AUSTIN, Texas, April 30, 2022 (GLOBE NEWSWIRE) — GAST Clearwater has developed a disruptive technology and methodology to replace secondary treatment and disinfection steps without the use of chemicals or biological elements of wastewater and sewer treatment facilities.

The technology has been dubbed the “Tesla” of water treatment, destined to disrupt the water treatment industry just as electric vehicles have done to the automotive industry. Ironically, Tesla did not develop a new battery for its cars, but simply improved the efficiency and effectiveness of its battery systems, namely lithium iron phosphate (LFP). GAST Clearwater holds a similar history with its technology developing two (2) new systems colloquially referred to as:

The Black Box (WMM – Microorganism & Mineral Removal Machine)

The blue box (CWD – Clearwater Device)

Indeed, the nut that always alludes to was cracked to find a way to “wash” the water without using chemicals and biological treatments. Technology is obviously not a new way to build a “car”, in this analogy a car is a water treatment solution, but technology allows GAST Clearwater to deliver cleaner water in a more sustainable way and more profitable.

The technology in its current form is set to revolutionize wastewater treatment, sewage treatment, commercial water treatment solutions, cooling towers, ship ballast water management and many other industries in the world. world.

This technology not only has the ability to develop new sewage treatment and wastewater treatment facilities, but is also offered as a “bolt-on” system to existing facilities or even facilities that wish to reduce costs by eliminating their chemical and biological cost components, regardless of their size.

Deloitte recently released a report titled Waterproof 3.0, diving deep into the global water sector. The report was conducted by David Spire (Deloitte US Government & Public Services Water Practice Leader) & Kishore Rao (Principal and Lead Client Service Partner for international development organizations).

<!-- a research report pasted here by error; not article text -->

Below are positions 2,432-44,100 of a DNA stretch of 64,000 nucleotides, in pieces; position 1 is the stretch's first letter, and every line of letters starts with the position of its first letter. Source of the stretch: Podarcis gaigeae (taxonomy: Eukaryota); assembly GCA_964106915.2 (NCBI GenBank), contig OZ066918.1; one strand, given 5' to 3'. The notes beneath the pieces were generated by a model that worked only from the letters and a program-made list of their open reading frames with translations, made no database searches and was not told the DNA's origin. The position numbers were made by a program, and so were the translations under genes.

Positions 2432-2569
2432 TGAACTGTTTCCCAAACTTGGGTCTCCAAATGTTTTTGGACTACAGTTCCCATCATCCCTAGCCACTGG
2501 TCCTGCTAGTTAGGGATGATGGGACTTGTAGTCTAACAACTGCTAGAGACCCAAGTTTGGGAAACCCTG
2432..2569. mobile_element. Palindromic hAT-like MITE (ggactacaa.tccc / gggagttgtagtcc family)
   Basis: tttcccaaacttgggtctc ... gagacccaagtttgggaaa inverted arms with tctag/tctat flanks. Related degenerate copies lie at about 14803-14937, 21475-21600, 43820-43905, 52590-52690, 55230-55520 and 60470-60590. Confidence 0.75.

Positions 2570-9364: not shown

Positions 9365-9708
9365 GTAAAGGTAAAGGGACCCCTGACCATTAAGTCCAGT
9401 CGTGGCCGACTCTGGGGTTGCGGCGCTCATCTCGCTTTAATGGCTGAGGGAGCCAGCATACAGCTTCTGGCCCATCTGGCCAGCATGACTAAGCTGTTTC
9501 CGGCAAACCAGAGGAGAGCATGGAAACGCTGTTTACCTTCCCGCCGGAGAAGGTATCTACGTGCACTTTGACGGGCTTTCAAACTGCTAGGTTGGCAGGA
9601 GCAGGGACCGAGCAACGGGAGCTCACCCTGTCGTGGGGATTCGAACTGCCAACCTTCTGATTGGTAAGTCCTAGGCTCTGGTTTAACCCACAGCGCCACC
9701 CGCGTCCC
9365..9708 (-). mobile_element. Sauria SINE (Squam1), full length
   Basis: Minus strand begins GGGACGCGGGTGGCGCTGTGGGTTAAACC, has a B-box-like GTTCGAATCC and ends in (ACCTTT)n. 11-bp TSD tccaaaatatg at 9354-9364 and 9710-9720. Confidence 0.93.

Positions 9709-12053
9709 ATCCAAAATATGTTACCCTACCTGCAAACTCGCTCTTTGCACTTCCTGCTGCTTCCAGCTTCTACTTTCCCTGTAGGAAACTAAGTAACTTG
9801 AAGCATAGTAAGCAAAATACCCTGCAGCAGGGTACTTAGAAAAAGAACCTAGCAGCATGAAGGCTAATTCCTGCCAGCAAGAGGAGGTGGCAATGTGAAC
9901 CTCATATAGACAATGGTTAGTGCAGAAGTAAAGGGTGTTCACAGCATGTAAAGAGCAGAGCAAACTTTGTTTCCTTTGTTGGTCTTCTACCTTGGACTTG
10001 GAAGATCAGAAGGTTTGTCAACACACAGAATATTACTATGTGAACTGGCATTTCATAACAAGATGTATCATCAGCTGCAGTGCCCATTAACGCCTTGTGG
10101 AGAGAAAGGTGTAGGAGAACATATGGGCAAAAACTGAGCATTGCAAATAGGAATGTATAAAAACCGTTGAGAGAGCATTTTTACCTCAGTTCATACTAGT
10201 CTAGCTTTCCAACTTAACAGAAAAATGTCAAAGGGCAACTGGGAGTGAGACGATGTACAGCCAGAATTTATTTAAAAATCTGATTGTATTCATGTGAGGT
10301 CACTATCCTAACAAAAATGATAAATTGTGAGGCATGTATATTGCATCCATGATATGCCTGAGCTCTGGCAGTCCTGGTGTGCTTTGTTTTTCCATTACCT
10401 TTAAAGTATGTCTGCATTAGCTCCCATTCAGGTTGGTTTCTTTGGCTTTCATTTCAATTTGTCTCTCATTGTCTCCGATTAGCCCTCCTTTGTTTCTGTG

It was stated in Deloitte’s Water Tight 3.0 report that The objective of this report is to highlight, for both public and private stakeholders, the issues that Deloitte’s global water practice considers most important for the water sector. Issues as complex as these are of course interconnected with each other and with other resource issues and should not be considered in isolation. Furthermore, the challenges of the sector have been further exacerbated with the current global pandemic of COVID-19.

Interestingly enough, Deloitte found in its Water Tight 3.0 report, many concerns across sectors, including:

  • The era of cheap water is over.
  • The growing demand for water makes conservation and efficient use central issues.
  • Water infrastructure is becoming more expensive with rising chemical, energy and labor costs.
  • As water affordability decreases due to growing demand, more countries will consider privatizing water supply.
  • Integrating technology into water and sanitation infrastructure is cost effective.
  • Public-private partnerships Alternative delivery approaches offer governments the opportunity to partner with private sector investors and service providers to optimize the delivery of water and sanitation services.
  • COVID-19 has put greater pressure on the demand for the provision and access to water services.
  • Water is seen as the next critical risk, as many agricultural and manufacturing businesses are highly dependent on water.

GAST Clearwater predicts that the majority of wastewater treatment and sanitation facilities can seek to save nearly 20% of their annual OPEX by switching to a GAST Clearwater system, plus a GAST Clearwater system costs on average 25% less to build compared to a current standard conventional installation, which represents a considerable saving in CAPEX.

www.gastclearwater.com
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  • GAST Clearwater – Water for Humanity